Thursday, June 11, 2015
Selected poems of Johannes Bobrowski and Horst Bienek
Bobrowski was born on 9 April 1917 in Tilsit in East Prussia. In 1925, he moved first to Rastenburg, then in 1928 on to Königsberg, where he attended the Gymnasium. One of his teachers was Ernst Wiechert. In 1937, he started a degree in art history in Berlin. As a member of the Confessing Church, Bobrowski had contact with the German resistance against National Socialism. He was a lance corporal for the entire Second World War in Poland, France and the Soviet Union. In 1943 he married Johanna Buddrus.
From 1945—1949 Bobrowski was imprisoned by the Soviet Union, where he spent time working in a coal mine. On his release, he worked as an editor in Berlin, first for the Altberliner Verlag, a children’s publisher run by Lucie Grosner, and then from 1959 for the Union Verlag publishing house. His work was influenced by his knowledge of Eastern European landscapes and of the German, Baltic and Slavic cultures and languages, combined with ancient myths. In 1964, Bobrowski became a member of the PEN Club.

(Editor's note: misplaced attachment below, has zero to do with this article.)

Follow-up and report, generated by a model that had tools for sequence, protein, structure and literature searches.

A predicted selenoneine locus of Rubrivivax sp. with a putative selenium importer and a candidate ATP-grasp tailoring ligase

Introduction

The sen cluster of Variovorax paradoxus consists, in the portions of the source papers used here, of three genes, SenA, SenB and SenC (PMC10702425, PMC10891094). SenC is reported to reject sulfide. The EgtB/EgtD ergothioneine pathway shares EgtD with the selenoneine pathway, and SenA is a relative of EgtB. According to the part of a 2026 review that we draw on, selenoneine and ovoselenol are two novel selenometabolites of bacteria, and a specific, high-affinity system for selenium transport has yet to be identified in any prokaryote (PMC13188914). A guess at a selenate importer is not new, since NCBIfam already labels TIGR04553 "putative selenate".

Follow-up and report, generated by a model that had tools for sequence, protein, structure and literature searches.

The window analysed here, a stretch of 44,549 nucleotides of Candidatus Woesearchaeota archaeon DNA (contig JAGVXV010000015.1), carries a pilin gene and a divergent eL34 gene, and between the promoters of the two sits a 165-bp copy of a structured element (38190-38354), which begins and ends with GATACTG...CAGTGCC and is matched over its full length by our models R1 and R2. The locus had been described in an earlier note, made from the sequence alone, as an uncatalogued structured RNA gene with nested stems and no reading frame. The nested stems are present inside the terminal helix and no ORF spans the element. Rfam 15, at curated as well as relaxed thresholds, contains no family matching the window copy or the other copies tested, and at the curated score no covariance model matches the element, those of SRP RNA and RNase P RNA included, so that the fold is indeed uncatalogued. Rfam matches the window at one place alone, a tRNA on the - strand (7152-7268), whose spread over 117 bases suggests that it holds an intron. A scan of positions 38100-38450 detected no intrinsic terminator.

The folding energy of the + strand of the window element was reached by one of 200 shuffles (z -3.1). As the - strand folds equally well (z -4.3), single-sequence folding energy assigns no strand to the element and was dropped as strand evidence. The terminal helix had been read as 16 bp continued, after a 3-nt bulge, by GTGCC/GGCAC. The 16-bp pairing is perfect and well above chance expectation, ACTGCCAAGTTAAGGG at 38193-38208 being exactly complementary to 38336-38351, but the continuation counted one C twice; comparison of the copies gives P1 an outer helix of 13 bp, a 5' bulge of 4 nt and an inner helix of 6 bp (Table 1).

Bobrowski died as a result of a perforated appendix in East Berlin on 2 September 1965. Since 1992, the Foundation for Prussian Maritime Trade has donated funds towards the Johannes Brobowski Medal.
Midstream: A poem by Johannes Bobrowski
Drifting down with the rafts,
in the lighter grey of the strange
shore, in a
splendour, which withdraws, in the grey
of slanting surfaces, light
shot at us from mirrors.
The Baptist's head
lay on its torn brow,
a hand with loose bluish
the ragged hair.
When I loved you, restless
your heart, the food on the beating
fire, your mouth, which opened,
open, the river
was a rain and flew
with the herons, leaves
fell and filled its bed.
We bent over numbed
fish, the cricket's song,
clad in scales, crossed
the sand from the foliage
of the bank, we had come
to sleep, Noman
circled the bed, Noman
extinguished the mirrors, Noman
will wake us
in our time.
Horst Bienek (May 7, 1930, Gleiwitz – December 7, 1990, Munich) was a German novelist and poet.
Born in Gleiwitz, Germany (today Gliwice, Poland), Bienek was forced to leave there in 1945, when Germans were expelled from Silesia. He resettled in the eastern part of Germany. For a time, he was a student of Bertolt Brecht. In 1951, he was arrested by NKVD and sentenced in a show trial to 25 years of labour for "anti-Soviet incitement" and alleged espionage on behalf of the United States, and sent to a Gulag concentration camp in Vorkuta. When he was released as the result of an amnesty in 1955, he settled in West Germany.
Bienek was the winner of numerous prizes, including the Nelly Sachs Prize in 1981. His best-known work is the four-volume series of novels dealing with the prelude to World War II and the war itself, Gleiwitz, Eine oberschlesische Chronik in vier Romanen.